On treaty, he said: “We have never ruled out a treaty or treaty arrangements at some stage in the future but our priority for the first term of a Shorten Labor government is constitutional

recognition. We want to put that to the Australian public, we’re hopeful that we’ll get support from the Australian public, it would be historic, it is really important that we do this.”

Mr Neumann said a Labor government would convene a summit within 100 days “to work with indigenous people to develop priorities”.

Congress co-chair Jackie Huggins said the funding announcements were welcome as they focused in large part on “the most vulnerable targets in our community … family violence is a scourge that has to be tackled really quickly”.

The next NACCHO #HealthElection16 edition will be out 29 June

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NACCHO #HealthElection16 #TowardsRecovery Mental Health , NDIS , PHN’s and Aboriginal Community Controlled Health

PHNs-in-scope

Current Commonwealth programs migrating to PHN’s

Indigenous ?

The mental health sector is in the midst of “a perfect storm” of change, as one speaker put it during the recent VICSERV #TowardsRecovery conference in Melbourne. This comes as the sector grapples with how to offer people with mental illness not just choices but control over their lives.

Mental Health Australia CEO Frank Quinlan told delegates that the system was in a period of “quite unprecedented change”, with the rollout of the National Disability Insurance Scheme (NDIS), the new role in mental health of Primary Health Networks (PHNs) and other reforms planned or underway in response to the National Mental Health Commission’s Review of Mental Health Programmes and Services.”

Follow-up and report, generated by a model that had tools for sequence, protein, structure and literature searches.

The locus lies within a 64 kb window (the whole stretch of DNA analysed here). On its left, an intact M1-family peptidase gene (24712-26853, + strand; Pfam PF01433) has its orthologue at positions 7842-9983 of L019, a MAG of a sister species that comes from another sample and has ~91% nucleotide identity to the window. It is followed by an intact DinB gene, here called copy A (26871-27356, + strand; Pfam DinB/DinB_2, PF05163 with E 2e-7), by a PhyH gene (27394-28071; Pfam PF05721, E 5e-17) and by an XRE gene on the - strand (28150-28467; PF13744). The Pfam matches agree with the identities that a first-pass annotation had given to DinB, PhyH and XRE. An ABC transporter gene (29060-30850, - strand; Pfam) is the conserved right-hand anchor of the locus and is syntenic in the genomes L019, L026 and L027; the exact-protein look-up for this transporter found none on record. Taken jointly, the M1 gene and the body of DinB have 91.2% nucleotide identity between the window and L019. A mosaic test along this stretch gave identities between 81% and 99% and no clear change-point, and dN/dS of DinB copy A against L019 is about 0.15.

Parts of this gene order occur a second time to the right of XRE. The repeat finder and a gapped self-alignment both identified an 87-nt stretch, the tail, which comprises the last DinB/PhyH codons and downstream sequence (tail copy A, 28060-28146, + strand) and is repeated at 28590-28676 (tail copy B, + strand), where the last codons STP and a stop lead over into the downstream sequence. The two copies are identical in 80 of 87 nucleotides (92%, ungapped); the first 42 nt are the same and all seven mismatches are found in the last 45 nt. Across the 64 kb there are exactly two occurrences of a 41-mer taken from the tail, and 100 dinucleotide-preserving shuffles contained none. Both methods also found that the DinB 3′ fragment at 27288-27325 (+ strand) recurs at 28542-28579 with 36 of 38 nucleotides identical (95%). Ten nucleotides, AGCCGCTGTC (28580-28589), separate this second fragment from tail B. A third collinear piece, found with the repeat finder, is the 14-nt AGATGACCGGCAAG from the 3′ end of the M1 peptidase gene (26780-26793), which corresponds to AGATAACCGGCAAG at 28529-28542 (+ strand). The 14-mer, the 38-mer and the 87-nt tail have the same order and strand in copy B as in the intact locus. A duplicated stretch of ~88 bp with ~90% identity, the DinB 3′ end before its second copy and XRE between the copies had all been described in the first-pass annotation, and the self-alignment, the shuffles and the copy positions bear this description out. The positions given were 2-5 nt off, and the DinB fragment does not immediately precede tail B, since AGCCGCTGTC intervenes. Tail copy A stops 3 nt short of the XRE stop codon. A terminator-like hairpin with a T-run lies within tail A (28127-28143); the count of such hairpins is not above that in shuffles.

A delegate from an Aboriginal community controlled health organisation (ACCHO) raised issues for her sector, where Aboriginal communities are estimated to have twice the incidence of disability as non-Aboriginal communities but much less access to services, and agencies that are not specialists for disability support.

“If you focus most of the effort on transitioning current supports (to the NDIS), that will continue to leave Aboriginal communities under-supported,” she told the NDIS panellists.

She was told the NDIA had identified it needed to do a lot more work around Aboriginal disability, and would step up that engagement and transition work. Other culturally and linguistically diverse (CALD) communities will also get a bigger focus.

Another ACCHO representative voiced fears that if Aboriginal people with disability transitioned to other services under the NDIS, only to find they were not culturally safe for them, that the ACCHO workforce might not still be there for them to return to.

Marie McInerney writes: Melissa Sweets edits in

Croakey New

While many of the major system changes underway, including the NDIS, are welcomed in the mental health sector, there is confusion over details and concern that many people with mental health issues could fall through new gaps in the system.

Some at the conference said the upheaval rivals the days of deinstitutionalisation, particularly in Victoria which has just emerged from much criticised recommissioning of mental health services and where there is also uncertainty about what of its mental health community support funds will be committed to the NDIS.

These concerns are only exacerbated by the uncertainty surrounding the policy outcomes likely to result from the July 2 federal election, and the marathon eight-week election campaign and caretaker period.

Despite all the planning for the NDIS, which on 1 July begins its full national rollout after three years of trials, the fate of some programs such as the Personal Helpers and Mentors (PHaMs) program is still not known.

(As a measure of ‘reform fatigue’, Victorian Alcohol and Drug Association CEO Sam Biondo told one session that when he started out in the 1970s, all he wanted was change; now all he wants is some stability).